Interview by Marija Butkovic @MarijaButkovic
Terrie Smith is a creative technologist committed to innovation, delighting customers, and advancing wearable technology. A payments expert with a proven track record of product development and invention, she is named on several game-changing patents. As an Entrepreneur, she has utilised her expertise in mobile, contactless payments and NFC to create the world’s first secure provisioning Platform as a Service (PaaS), DIGISEQ. Its secure data delivery service is approved by Mastercard and with compliant with international PCI CP standards. Terrie began her career in payments with American Express, managing their smart card development processes and EMV implementations. Terrie's first foray into mobile payments was with MasterCard where she was a Senior Manager of a global digital products team and was instrumental in the delivery of the MasterCard solution that supports Apple Pay. Focused on revolutionising the Wearable and IoT market, Terrie launched DIGISEQ in 2014 where she serves as Chief Executive Officer. DIGISEQ simplifies the delivery of payment accounts whilst maintaining a high level of security enabling almost anything to support contactless payments, grant access, reward loyalty, and more — unleashing the power of the IoT. All without disruption to existing manufacturing and distribution process.
Terrie, what is the idea behind DIGISEQ and how did you come up with it?
The lightbulb moment to start DIGISEQ was during the development of the ApplePay solution where I realised it did not have to be just the iPhone providing a solution for contactless payments. Smartphones can never really replace cash payments. So, we needed something that was simpler, always worn, and accessible. Like a wearable.
To me, what you wear is about how you feel. Unlike a mobile phone, where you use it for technology reasons, anything one wears must match your mood, occasion, and aesthetic.
We recognised that there needed to be a culture shift to how payment was made available to customers. So, we needed to pivot from a bank-centric to consumer-centric paradigm to scale the wearable payments industry. Banks had control over the look of wearable payments that lacked the emotive appeal which we feel when buying a fashion product. I wanted to give consumers the choice, and more power, to what their payment wearable looked like. To do so, we need to allow wearable manufacturers and brands to deliver payment to the wearable simply and securely.
When did it all start, and do you have other members in your team?
We started in September 2014 with just three people. Now, we are a seventeen-strong team representing six nationalities. Quite phenomenal for a team of only seventeen!
How long did it take you to be where you are now?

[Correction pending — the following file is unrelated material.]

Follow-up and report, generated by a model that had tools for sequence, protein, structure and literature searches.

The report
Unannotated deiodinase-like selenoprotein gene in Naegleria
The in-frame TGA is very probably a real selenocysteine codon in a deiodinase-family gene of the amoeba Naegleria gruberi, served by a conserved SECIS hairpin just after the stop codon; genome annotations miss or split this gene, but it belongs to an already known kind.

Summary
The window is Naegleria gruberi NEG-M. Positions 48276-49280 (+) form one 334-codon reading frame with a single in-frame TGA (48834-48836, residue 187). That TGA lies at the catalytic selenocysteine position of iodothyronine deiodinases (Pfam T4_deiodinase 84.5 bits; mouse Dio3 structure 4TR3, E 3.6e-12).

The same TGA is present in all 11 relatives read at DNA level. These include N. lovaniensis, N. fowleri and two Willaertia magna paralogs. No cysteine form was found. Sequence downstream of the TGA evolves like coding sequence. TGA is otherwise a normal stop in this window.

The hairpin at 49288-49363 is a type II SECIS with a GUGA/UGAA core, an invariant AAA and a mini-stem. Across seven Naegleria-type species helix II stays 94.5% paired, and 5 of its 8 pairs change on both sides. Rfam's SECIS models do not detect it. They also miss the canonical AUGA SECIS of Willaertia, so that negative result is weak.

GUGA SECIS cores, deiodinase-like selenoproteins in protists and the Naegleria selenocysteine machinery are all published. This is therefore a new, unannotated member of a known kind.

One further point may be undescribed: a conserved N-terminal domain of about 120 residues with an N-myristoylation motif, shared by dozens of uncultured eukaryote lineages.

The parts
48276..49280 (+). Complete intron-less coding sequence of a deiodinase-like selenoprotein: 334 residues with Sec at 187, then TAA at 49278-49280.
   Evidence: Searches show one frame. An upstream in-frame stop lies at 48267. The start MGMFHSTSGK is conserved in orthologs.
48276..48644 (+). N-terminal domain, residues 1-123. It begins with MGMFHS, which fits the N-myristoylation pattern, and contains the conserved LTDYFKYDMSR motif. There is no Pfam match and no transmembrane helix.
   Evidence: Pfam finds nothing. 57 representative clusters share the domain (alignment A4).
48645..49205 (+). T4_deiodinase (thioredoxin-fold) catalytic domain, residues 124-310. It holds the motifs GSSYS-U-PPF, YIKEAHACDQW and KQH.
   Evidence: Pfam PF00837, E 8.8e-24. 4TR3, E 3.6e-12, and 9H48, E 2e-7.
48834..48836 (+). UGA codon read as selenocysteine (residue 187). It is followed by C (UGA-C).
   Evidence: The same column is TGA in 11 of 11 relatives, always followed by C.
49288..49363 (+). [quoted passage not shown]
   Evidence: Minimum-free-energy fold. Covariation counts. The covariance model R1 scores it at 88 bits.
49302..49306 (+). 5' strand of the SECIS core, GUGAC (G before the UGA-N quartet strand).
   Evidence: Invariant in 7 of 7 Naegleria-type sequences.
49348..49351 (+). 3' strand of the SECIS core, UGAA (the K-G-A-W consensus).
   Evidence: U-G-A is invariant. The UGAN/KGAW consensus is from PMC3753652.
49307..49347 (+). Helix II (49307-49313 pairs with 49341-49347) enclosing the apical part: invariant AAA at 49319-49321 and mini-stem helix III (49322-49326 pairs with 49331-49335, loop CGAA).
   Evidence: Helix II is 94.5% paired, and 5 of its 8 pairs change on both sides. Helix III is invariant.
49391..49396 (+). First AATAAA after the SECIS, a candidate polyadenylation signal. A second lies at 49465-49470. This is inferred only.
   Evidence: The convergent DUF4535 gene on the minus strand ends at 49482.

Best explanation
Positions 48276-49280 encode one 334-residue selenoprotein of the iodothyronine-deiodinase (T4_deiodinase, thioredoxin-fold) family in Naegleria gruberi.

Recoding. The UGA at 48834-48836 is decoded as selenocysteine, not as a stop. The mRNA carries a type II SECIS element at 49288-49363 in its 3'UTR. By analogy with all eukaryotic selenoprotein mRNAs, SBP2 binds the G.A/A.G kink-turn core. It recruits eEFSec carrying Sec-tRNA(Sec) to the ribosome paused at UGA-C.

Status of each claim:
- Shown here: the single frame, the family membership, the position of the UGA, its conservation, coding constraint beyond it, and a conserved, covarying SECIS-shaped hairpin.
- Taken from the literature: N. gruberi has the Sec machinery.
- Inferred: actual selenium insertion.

Over the last four years, we concentrated initially on building our platform because this needed to be approved by the payment network operators before we were able to sell anything to customers. So, we were product-focused before becoming a sales-focused company.
In 2017, we joined the R/GA IoT Ventures Programme focused on scaling our business to operate at an international level.
Since those early years, we have launched with some major banks which has built our credibility within our field of FinTech, PayTech, and Cybersecurity.
What was the biggest obstacle?
We have invented something that people are only realising now that they need and can have it. As part of our end-to-end support, DIGISEQ has had to educate banks and wearable makers on the opportunity of merging these two seemingly disparate industries of banking and wearables together. Furthermore, this can be done easily with DIGISEQ without disruption to respective workflows. Not every feat has to be difficult to achieve. Transforming wearables into payment devices can be easy to achieve – contrary to initial thought. Wearable manufacturers just need the compliant, efficient, and trusted service provider to enable this operation.
What are your biggest achievements to date?
Our launch with MDES to support over 100 different wearables for contactless payment
Enabled the world’s first payment ring, the K-ring.
Partnered with MuchBetter in Lucozade’s marketing campaign. We provisioned MuchBetter prepaid accounts on an NFC chip embedded within Lucozade’s bottles. These accounts were preloaded with credits that granted customers a free tube ride upon tapping the bottles on the payment terminal at London Underground stations.
Provisioned ABN Amro’s tokenised accounts onto wearable products made by OEMs supported by DIGISEQ.
What are the challenges of being an entrepreneur in the niche you are in? How about being a female founder / entrepreneur?